Friday, 31 March 2017

Galaxy of Terror (1981)

"There's no horror here we don't create ourselves."

Every so often I have to watch a trashy-looking genre film with quirky casting and this Roger Corman-produced piece of '80s sci-fi schlock, featuring the splendid Sid Haig and a pre-Nightmare on Elm Street Robert Englund, seems to fit the bill. The experience has been... interesting.

There's an obvious Alien influence in the bickering, working class crew of an alien spaceship but none of the visual grittiness and the plot, once you get past the awful cliched dialogue, is really rather different. There's a fair bit of world building with humanity enthralled by a mysterious "Master" who eventually even becomes relevant to the plot and it eventually becomes clear, after a series of increasingly gory deaths by '80s special effects including a suspiciously rapey-looking incident including a giant worm, that the planet's monsters are simply the crews' fears made manifest. So far, then predictable.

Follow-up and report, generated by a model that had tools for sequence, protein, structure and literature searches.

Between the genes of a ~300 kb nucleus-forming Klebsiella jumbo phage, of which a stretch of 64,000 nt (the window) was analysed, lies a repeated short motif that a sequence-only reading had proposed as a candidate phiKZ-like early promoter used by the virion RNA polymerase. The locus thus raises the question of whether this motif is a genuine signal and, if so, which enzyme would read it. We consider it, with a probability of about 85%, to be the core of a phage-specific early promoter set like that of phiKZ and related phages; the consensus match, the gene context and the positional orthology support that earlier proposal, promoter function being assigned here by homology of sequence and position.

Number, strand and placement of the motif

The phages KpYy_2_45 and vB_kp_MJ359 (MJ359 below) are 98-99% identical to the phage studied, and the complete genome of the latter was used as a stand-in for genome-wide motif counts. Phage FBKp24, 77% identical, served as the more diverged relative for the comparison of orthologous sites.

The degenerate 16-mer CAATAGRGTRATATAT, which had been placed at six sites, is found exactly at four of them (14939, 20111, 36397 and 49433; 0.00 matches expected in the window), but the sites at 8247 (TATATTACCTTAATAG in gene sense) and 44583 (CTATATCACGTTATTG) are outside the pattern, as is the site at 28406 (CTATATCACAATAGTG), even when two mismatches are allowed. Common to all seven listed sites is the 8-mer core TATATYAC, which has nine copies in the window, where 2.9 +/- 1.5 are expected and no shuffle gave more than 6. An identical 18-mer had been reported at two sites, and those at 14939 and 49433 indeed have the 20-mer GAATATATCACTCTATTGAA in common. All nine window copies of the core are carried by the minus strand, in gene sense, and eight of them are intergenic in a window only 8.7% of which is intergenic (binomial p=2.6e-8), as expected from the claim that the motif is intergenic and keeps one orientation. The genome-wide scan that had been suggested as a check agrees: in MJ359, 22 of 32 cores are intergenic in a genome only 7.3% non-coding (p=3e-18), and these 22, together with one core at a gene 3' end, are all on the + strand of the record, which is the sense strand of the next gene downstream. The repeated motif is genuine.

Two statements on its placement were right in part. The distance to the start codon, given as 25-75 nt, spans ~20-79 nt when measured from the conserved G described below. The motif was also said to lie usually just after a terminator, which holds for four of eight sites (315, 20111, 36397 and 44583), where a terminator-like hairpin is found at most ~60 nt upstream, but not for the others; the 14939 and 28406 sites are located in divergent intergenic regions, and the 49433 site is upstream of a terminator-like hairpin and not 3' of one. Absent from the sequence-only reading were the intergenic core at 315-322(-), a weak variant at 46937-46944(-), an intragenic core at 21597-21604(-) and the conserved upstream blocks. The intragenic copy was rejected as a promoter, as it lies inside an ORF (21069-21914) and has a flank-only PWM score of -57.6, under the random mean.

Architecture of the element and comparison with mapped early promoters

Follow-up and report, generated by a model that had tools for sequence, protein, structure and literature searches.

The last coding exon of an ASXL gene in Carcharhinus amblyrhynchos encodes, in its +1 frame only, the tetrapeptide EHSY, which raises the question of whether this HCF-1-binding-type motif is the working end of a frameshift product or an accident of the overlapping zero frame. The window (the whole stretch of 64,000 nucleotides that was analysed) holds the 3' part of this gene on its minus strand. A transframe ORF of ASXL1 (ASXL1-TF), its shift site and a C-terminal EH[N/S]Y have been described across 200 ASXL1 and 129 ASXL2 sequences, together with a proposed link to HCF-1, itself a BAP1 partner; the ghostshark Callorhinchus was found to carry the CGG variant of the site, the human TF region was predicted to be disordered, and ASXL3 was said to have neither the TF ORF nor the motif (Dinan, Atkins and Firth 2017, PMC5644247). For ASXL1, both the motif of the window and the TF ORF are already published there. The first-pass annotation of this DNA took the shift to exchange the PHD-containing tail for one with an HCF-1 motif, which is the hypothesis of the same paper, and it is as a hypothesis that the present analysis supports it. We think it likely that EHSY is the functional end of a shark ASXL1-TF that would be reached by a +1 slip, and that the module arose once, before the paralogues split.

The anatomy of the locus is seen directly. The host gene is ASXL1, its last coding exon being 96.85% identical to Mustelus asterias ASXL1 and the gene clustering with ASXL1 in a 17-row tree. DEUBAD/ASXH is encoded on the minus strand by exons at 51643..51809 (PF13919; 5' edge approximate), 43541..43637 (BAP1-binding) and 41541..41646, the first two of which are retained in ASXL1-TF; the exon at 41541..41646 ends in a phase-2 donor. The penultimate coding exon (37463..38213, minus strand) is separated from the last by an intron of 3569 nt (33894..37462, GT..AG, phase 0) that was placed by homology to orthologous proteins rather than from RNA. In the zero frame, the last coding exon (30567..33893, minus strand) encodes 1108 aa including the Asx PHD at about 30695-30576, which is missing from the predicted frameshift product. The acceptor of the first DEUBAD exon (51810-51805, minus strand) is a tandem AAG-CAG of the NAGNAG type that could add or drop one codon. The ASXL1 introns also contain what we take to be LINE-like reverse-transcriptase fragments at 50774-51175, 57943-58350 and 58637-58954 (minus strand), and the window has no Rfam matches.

Then we get the ending, where the film really tries hard to be something more than a B movie by attempting to be all metaphysical and philosophical. It's a good try, it really is, but there's no escaping the fact that this is, well, a B movie, and strictly one for those of us who like that sort of thing.

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